Business Owners Compare Notes on AdWords and Staying Competitive -

Business Owners Compare Notes on AdWords and Staying Competitive

Susan Parker: The cost of producing dresses in Asia has gone up.Earl Wilson/The New York Times Susan Parker: The cost of producing dresses in Asia has gone up.

At the most recent meeting of the She Owns It business group, the members discussed saying no — to customers and to efforts that don't advance their companies' big picture goals. This post continues that conversation, touches on the pros and cons of Google AdWords, and explores the challenges of thriving in a changing market.

Katie Finnegan, a co-founder of Hukkster, said that user acquisition is the biggest challenge for her start-up, which acts as an online shopping tool. As a result, marketing is Hukkster's top priority. Still, the company must make choices about which marketing initiatives to pursue. "Sometimes we have to cut the cord even before they've had the chance to prove themselves, which is somewhat frustrating," Ms. Finnegan said.

Google AdWords was one initiative that didn't make the cut. "It's a pretty expensive channel for small companies," said Erica Bell, Hukkster's other co-founder. Testing to determine which keywords drive traffic simply wasn't worth the expense, she explained — especially when lower cost options like Facebook and Pinterest were proving effective. Hukkster's strategy has been to emphasize the marketing efforts that work. "We will test new opportunities, but we have to do it in such a small way," she said.

AdWords didn't prove to be a very good option for Jennifer Blumin, who owns Skylight Group, either. Skylight creates massive event spaces, typically in historic locations, for corporate clients with big budgets. But the company's problems with AdWords were different from Hukkster's, Ms. Blumin said.

One of Skylight's employees spent four years working for Google, and the company was able to devote considerable time to developing a search engine optimization strategy that worked — sort of. Skylight was "inundated" with inquiries, Ms. Blumin said. But they came from the wrong prospects. "They're like, 'I want to do a conference and I have $100,'" she said.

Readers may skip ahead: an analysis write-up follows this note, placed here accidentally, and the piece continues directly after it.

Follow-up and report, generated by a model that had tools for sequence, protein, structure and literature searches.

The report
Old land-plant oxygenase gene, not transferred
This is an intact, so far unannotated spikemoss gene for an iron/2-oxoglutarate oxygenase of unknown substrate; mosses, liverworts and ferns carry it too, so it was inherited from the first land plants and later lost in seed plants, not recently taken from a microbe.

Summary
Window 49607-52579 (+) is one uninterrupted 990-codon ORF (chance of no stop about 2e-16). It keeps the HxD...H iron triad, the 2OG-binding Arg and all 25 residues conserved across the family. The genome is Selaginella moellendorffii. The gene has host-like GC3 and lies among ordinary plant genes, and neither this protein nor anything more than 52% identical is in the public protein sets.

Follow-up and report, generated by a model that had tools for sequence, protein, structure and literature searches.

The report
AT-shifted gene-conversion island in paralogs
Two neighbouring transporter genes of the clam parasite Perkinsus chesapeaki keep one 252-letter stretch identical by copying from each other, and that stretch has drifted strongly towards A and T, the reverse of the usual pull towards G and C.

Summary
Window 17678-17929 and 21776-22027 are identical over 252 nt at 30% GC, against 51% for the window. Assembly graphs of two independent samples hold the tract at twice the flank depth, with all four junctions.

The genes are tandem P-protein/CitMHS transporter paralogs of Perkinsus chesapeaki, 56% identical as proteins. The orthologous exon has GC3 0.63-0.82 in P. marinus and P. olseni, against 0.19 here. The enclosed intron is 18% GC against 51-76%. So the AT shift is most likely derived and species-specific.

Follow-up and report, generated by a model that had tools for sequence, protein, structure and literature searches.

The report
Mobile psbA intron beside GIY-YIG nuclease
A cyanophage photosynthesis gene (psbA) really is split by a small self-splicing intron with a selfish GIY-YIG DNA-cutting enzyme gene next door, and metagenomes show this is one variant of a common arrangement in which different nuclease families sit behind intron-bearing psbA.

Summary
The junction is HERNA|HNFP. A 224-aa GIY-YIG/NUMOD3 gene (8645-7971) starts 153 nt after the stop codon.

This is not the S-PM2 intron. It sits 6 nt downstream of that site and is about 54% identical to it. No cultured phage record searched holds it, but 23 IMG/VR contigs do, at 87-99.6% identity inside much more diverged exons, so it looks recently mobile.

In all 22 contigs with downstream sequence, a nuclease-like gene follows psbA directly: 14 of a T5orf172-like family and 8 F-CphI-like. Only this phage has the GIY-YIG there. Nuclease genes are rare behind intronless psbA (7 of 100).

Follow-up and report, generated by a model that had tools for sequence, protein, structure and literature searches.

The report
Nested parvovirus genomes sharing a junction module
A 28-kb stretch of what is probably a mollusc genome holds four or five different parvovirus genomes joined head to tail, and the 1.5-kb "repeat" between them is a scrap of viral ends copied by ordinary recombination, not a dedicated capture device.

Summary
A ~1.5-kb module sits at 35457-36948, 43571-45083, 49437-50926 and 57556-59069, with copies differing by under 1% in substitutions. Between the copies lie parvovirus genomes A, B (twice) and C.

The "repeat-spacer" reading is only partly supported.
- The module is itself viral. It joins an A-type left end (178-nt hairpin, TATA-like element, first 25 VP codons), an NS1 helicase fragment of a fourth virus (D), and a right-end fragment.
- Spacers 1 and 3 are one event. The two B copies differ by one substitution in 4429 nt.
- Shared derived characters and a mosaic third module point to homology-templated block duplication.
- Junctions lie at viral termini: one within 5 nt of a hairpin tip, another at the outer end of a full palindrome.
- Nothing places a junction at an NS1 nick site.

"They're not in a position to buy," said Deirdre Lord, who owns the Megawatt Hour.

"And you can't set your AdWords for 'people who really want to spend a ton of money,'" Ms. Blumin said.

Susan Parker, who owns Bari Jay, noted that Hukkster's potential consumer could be anyone, while Skylight seeks a more specific target.

"Exactly," Ms. Blumin said.

Shifting gears, Ms. Parker said her company, which manufactures bridesmaid and prom dresses, faces a "major issue." After years of double-digit revenue growth and profitability, she said she expects 2014 to be disappointing.

"You can tell that already?" Ms. Lord said.

Ms. Parker explained that the bulk of Bari Jay's orders, which were slow for January, come in the first three months of the year. Bridal or prom dress manufacturers make money in the first half of the year, and lose it in the second, she said. "But the point is you make enough money that you more than make it up," she said.

"The problem is people want cheaper and cheaper dresses," she continued. And more people are choosing ready-to-wear options sold, for example, at department stores.

"Is that what you think is happening?" Ms. Lord asked.

"I think that's part of it," Ms. Parker said, adding that as the cost of producing dresses in Asia has climbed, Bari Jay's products have become too expensive for its customers.

"Labor's going up there, right?" Ms. Lord asked.

"Labor and material — everything," Ms. Parker said. Based on their design and complexity, Bari Jay's dresses are also expensive to make. "My construction of my dress is actually really great," she said. But she has found that it may be too good for a bridesmaid's dress that will only be worn once.

To figure out how she might cut costs, Ms. Parker bought some of her competitors' dresses and sent them to her factories to show them which expensive features could be eliminated. "I have to cheapen my dress," she said.

Adding to the problem, Bari Jay's designer is "very high-end for what we are," she added. Ms. Parker and her sister, the company's co-owner, have encouraged the designer to limit expensive elements like bead work, because her designs take an already-expensive product and make it even more expensive.

"Would it make any sense to have high-end and a lower-end ready-to-wear line?" Ms. Lord asked.

"I don't want to do ready-to-wear because I don't have stores that will stock it," said Ms. Parker, who sells to small specialty shops. Ms. Parker's father, who founded the company, did sell to department stores, which would carry ready-to-wear products, but Ms. Parker said she doesn't want to sell to them because they offer lower margins. Besides, she said, Bari Jay's look is already high-end. It would not easily translate to a lower-end option.

In future posts we'll explore the owners' continuing challenges. Do you have any suggestions?

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